It’s my favorite time of year again.

The days are growing shorter, the air cooler, and people are running the streets dressed as all manner of spooky, sexy, scary and silly beings. As if that weren’t enough, there’s candy, turkey, stuffing, and candied yams everywhere you go, and the foliage that the Big Apple is known for is in full glory. And yet, there’s a far more intriguing aroma in the air.

Fresh paper and stale coffee, mixed with the scent of desperation and unwashed bodies.

Oh yes. It’s time for NaNoWriMo 2012.

Writing a fifty-thousand word novel in thirty days may seem like the final circle of Dante’s Inferno to some people, but it is without a doubt my favorite crazy undertaking of the year. Two years ago, in 2010, I completed my first manuscript, and it is impossible to describe how amazing that feels. Even if your book is the worst thing you’ve ever read, seen, or smelled, you can’t help but smile at the stinking mess that you’ve made. Hey, it’s warm and it’s yours, right?

The real magic is, somewhere along the way you actually fall in love with your novel. And maybe it’s really not good. But the entire month works to prime the pump of your creativity. You may have 49,500 words of crap, but even that would leave you with one really good page (1%). We all have better ratios than that. And I’m willing to bet that not many people have ever attempted to really write that much anyway.

Over the last few years, I have consistently made determinations to indulge more frequently in my creative pursuits. None of them are paying the bills right now, and so year after year, those determinations get swept under the rug in the pursuit of more immediate and less artistic goals. But something odd has been happening lately. I’ve noticed a growing sense of sadness that haunts those dusty dreams, and that terrifies me. At twenty-three, I am starting to see how and when people give up on themselves and their dreams. And it starts with paying the bills.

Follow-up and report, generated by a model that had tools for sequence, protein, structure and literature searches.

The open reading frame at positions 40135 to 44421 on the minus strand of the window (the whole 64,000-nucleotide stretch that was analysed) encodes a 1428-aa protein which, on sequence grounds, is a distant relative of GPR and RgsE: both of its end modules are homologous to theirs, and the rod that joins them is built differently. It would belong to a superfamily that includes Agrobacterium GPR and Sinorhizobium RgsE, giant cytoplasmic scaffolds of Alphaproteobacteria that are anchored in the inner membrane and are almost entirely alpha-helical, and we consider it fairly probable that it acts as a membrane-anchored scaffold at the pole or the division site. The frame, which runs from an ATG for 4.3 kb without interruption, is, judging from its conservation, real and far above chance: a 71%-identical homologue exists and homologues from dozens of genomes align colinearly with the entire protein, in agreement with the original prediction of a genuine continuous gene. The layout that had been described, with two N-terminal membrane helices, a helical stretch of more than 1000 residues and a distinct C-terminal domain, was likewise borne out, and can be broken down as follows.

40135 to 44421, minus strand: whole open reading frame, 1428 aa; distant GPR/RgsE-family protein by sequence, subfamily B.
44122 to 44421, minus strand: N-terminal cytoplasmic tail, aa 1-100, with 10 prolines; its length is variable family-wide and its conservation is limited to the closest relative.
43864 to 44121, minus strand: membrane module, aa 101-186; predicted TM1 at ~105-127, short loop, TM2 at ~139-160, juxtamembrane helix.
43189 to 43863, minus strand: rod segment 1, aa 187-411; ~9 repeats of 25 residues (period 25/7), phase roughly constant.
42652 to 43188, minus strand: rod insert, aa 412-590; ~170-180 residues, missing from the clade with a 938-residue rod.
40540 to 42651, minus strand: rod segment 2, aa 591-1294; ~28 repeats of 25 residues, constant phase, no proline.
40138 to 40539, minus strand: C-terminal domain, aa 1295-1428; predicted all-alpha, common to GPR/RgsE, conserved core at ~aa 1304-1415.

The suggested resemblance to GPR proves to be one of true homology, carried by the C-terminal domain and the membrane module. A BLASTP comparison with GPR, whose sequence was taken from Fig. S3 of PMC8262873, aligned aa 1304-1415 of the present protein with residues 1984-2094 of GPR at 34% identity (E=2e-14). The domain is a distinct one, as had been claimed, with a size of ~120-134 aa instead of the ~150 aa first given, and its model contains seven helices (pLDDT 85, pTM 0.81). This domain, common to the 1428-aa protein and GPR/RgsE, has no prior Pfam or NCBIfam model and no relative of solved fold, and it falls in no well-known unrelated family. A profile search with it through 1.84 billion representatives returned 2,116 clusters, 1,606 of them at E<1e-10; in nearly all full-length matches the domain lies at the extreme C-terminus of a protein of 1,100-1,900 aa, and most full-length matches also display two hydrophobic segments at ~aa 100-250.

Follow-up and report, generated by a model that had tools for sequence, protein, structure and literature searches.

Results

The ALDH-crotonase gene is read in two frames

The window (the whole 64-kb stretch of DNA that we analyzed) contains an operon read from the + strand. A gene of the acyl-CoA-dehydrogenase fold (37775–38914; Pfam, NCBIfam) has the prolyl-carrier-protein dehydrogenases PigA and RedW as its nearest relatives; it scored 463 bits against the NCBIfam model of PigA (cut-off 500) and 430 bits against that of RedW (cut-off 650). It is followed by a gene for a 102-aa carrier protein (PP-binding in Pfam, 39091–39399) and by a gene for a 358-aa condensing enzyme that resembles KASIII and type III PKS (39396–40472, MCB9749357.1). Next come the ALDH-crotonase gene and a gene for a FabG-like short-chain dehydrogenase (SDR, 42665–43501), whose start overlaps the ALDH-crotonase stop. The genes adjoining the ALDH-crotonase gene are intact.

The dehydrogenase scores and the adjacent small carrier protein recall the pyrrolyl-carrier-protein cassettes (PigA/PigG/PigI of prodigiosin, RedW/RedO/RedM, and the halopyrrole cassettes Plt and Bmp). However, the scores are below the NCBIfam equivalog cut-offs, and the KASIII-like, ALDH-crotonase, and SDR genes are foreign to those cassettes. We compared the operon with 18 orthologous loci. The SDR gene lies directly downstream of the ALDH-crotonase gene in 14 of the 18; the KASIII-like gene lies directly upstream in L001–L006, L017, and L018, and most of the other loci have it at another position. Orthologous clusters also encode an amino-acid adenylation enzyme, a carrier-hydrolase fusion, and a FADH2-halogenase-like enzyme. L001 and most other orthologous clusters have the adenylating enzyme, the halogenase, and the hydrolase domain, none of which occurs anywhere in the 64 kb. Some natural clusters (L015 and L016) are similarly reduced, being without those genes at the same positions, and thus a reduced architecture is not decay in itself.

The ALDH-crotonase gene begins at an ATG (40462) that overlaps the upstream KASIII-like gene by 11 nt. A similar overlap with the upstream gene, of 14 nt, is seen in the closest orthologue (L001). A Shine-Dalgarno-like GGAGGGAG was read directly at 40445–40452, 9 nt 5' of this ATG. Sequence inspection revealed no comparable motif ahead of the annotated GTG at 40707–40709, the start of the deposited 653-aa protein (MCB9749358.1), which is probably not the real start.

NaNoWriMo is an one-month crash course in learning to carve time out of your schedule—whatever kind of schedule it is—and focus on a goal that is much bigger and ultimately (gasp!) more valuable than your paycheck. Focusing on a creative project in our downtime refreshes us, and it gives us a chance to live our lives fully and free of resentment. We then cease to carry bitterness and baggage with us into our less fun, but necessary endeavors, making us better in every aspect of our lives.

I know, I know: you don’t have time to write a novel. But when will you? Will you ever be able to make the time to pursue something you’ve always wanted and never done? Or will you continue to push it to the side because you’re just too busy/tired/broke?

The same logic stops people from exercising, quitting smoking, going back to school, starting a family, and asking for a raise.

What doors have you closed lately?
If you’re ready to open them again, click here.

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